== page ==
Fractran is a computer architecture based entirely on the multiplication of fractions.

A prime is a number that can only be divided by itself one, since these numbers can't be divided, they can considered the DNA of other numbers. The factoring of a number into prime numbers, for example: 18 = 2 × 32, exposes values which Fractran utilizes as registers. There are two parts to a Fractran program:

The Accumulator

AccumulatorRegisters
r2r3r5r7
611
1812
1008421
54022501234

The Accumulator is a single number whose prime factorization holds the value of registers(2, 3, 5, 7, 11, 13, 17, ..). For example, if the state of the accumulator is 1008(2⁴ × 3² × 7), r2 has the value 4, r3 has the value 2, r7 has the value 1, and all other registers are unassigned.

The Fraction

A Fraction represents an instruction that tests one or more registers by the prime factors of its numerator and denominator. To evaluate the result of a rule we take the the accumulator, if multiplying it by this fraction will give us an integer, we will update the accumulator with the result.

2/3 15/256 21/20
(21)/(31) (31 × 51)/(26) (31 × 71)/(22 × 51)
```if(r3 >= 1){
r3 -= 1;
r2 += 1;
return;
}```
```if(r2 >= 6){
r2 -= 6;
r3 += 1;
r5 += 1;
return;
}```
```if(r2 >= 2 && r5 >= 1){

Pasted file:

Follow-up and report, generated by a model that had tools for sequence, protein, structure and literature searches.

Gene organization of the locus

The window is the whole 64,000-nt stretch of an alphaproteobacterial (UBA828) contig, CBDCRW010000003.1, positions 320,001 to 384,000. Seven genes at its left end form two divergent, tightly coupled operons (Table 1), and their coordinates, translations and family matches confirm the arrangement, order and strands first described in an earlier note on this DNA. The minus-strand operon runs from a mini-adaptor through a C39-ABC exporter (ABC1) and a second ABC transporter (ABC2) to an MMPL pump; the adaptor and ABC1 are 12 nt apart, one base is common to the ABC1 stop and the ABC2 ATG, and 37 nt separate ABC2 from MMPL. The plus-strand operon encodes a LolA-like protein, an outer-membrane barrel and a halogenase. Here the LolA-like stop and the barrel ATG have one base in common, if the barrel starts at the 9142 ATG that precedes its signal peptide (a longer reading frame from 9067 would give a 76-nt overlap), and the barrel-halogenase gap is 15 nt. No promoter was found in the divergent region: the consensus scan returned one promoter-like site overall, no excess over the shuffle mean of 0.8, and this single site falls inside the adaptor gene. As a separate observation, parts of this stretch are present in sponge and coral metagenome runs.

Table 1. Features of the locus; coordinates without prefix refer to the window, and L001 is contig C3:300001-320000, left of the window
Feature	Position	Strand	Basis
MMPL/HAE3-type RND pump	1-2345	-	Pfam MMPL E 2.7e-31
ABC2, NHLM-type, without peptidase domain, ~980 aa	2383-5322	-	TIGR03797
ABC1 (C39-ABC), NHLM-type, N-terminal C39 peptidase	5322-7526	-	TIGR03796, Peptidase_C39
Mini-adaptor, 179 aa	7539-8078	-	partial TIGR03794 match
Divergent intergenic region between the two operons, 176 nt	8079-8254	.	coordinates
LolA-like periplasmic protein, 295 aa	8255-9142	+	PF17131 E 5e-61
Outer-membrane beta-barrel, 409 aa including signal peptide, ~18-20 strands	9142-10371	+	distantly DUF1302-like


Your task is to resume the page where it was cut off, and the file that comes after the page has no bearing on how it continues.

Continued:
r2 -= 2;
r5 -= 1;
r3 += 1;
r7 += 1;
return;
}```

Operations become more readable when broken down into their primes. We can think of every prime number as having a register which can take on non-negative integer values. Each fraction is an instruction that operates on some of the registers.

A Notation

While Fractran is commonly reduced to just another opaque esoteric language, portraying it as such is doing a disservice to the relatively simple idea at its core and to the researchers who might otherwise benefit by venturing deeper into a relatively unexplored field of computation.

Wryl, who created Modal, demonstrated to me an interesting connection between Fractran and rewriting languages. We need only to compile our rules and point the prime registers to symbols in a dictionary to see this relationship more clearly.

```:: left side > right side (compiled: 15/6 left.2 side.3 > side.3 right.5)

AC 6 left side (initial state)
00 6 × 15/6 = 15, side right (result state)
```

This documentation will represent registers with names(x, y, foo-bar, baz, ..). Fractions will be written as rewrite rules starting with `::`, a left-side, a spacer(>) and a right-side. The notation indicates which registers to replace on the left-side, and what to replace them with on the right-side.

Programming In Fractran

In a rule definition, we find symbols to the left-side of the spacer(>) to be rewritten by what is found on the right-side. Each new symbol is added to the dictionary and represented internally as a prime number.

```:: flour sugar apples > apple-cake
:: apples oranges cherries > fruit-salad

sugar oranges apples cherries flour apples
```

Rules are tested in a sequence from the first to the last, when a valid rewrite rule is encountered, the accumulator is updated, and the PC moved back at the first rule. In other words, it helps to visualize the fractions in a program as a list of rewrite rules that tests the accumulator against its left-side, and starts back at the top of the list after updating the accumulator when it is a match, or keep going when it does not.